5. I have been offline for a while and during that time had an experience which took me back to July 2021. I attended an exhibition dedicated to a well-known artist. This included a double-decker bench with a display case in the lower part containing the skeleton of a rattlesnake, a replica of a piece of furniture in the artist’s home. Apparently, to this artist, skeletons do not signify death but may be more living than animals.

    I mentioned this to a friend who replied that she thought snakes did not have vertebrae since they are able to swallow such large, uh, meals. We know they can unhinge their jaws, but what about expanding the rest of their bodies? I was able to figure out that one with a few searches.

    1. I have to admit that until my friend raised the issue I had never thought of it. I have often seen snakes with bodies bulging and knew how they had managed to get their prey into their jaws, but nothing beyond that.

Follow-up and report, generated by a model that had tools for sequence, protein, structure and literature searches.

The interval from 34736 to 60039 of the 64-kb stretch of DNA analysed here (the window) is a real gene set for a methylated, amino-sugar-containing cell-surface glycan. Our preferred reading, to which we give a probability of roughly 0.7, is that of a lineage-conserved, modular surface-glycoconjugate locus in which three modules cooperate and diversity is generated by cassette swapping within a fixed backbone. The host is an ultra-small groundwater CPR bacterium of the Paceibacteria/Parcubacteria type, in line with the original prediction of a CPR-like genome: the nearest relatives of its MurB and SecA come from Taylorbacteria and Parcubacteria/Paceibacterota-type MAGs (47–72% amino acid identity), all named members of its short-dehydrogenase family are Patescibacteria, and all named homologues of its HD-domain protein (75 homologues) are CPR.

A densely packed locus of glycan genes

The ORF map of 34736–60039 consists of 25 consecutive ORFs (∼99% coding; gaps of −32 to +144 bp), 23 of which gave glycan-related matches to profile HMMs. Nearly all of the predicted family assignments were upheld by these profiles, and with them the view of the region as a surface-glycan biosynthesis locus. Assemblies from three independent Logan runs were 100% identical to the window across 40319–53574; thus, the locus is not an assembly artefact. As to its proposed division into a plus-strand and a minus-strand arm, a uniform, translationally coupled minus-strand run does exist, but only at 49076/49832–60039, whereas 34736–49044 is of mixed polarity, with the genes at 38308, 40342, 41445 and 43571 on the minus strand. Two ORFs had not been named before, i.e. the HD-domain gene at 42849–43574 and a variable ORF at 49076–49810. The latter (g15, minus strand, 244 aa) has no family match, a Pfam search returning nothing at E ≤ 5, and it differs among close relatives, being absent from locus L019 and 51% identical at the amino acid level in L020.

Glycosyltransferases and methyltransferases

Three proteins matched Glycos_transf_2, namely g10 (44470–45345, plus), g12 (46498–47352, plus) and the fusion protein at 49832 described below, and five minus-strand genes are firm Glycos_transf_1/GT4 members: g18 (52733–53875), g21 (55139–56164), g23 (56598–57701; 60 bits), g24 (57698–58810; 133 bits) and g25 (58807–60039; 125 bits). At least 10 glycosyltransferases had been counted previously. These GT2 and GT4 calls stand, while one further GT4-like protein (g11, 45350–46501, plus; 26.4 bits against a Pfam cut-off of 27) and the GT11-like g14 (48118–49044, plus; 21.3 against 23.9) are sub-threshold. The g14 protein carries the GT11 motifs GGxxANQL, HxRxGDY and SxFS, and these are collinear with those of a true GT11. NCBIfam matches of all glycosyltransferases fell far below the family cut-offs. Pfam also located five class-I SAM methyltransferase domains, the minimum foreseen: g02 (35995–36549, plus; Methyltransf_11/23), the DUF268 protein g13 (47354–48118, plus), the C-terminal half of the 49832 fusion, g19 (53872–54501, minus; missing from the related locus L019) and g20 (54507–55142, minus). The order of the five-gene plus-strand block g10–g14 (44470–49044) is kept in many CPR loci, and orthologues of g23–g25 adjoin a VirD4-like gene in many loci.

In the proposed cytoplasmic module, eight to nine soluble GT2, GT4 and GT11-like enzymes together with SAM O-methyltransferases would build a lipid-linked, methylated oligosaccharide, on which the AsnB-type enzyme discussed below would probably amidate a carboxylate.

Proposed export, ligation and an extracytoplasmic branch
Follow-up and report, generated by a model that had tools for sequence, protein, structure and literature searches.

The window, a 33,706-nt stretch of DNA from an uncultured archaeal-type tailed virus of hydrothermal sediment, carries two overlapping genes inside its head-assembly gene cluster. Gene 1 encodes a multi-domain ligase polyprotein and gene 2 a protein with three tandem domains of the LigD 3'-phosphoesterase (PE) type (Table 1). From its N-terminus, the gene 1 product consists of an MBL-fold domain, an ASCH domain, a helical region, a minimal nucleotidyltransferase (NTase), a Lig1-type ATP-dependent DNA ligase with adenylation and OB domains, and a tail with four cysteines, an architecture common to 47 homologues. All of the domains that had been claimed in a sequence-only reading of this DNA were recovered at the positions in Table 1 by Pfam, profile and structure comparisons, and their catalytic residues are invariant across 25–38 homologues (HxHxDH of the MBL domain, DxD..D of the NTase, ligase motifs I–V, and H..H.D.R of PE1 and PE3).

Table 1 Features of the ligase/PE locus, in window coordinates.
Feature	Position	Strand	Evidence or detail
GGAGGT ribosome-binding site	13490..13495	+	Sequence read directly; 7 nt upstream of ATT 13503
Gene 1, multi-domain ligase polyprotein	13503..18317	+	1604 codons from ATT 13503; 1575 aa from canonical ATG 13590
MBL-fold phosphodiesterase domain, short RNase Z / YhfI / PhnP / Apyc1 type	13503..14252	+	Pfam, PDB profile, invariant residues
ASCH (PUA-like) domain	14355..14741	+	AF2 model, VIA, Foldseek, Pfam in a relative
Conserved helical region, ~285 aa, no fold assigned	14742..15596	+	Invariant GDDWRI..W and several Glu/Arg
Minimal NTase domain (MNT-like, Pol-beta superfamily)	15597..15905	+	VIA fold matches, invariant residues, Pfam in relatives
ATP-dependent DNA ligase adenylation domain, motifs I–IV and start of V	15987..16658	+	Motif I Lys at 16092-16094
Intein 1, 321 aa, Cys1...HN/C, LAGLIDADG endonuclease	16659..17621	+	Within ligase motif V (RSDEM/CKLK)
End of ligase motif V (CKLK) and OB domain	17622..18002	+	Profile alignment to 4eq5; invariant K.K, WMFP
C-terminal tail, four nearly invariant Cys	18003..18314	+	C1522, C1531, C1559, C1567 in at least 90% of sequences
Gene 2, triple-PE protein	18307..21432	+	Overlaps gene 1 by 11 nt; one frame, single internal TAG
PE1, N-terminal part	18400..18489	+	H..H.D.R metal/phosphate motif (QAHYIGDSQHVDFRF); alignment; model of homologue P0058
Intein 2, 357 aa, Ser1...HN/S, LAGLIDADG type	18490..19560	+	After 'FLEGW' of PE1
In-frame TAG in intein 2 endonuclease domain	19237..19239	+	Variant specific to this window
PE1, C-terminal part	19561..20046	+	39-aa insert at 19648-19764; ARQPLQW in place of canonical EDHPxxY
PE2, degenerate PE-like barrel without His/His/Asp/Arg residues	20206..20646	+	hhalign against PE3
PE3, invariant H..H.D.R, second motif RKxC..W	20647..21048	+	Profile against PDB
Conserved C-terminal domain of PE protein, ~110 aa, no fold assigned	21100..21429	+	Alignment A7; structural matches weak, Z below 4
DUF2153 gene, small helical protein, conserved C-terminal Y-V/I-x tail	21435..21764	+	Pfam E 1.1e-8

[How do snakes swallow large prey?]

      The first result was this, credible to me since it is from one of my favorite universities:
      It explains snake swallowing in detail.

      [Do snakes' bodies expand when they swallow?]

      Another university web site with a grisly description of how a snake can swallow a man:


      I couldn’t watch this one but it may be instructive:

      [Smithsonian how snakes swallow]
      Contained one interesting point: “Like most snakes, they can detach their jaw to swallow prey much larger then themselves, though they are careful to weigh the risk of injury with large prey.”

      This web site contains the photo of a snake skeleton included in the 21 July 2021 challenge: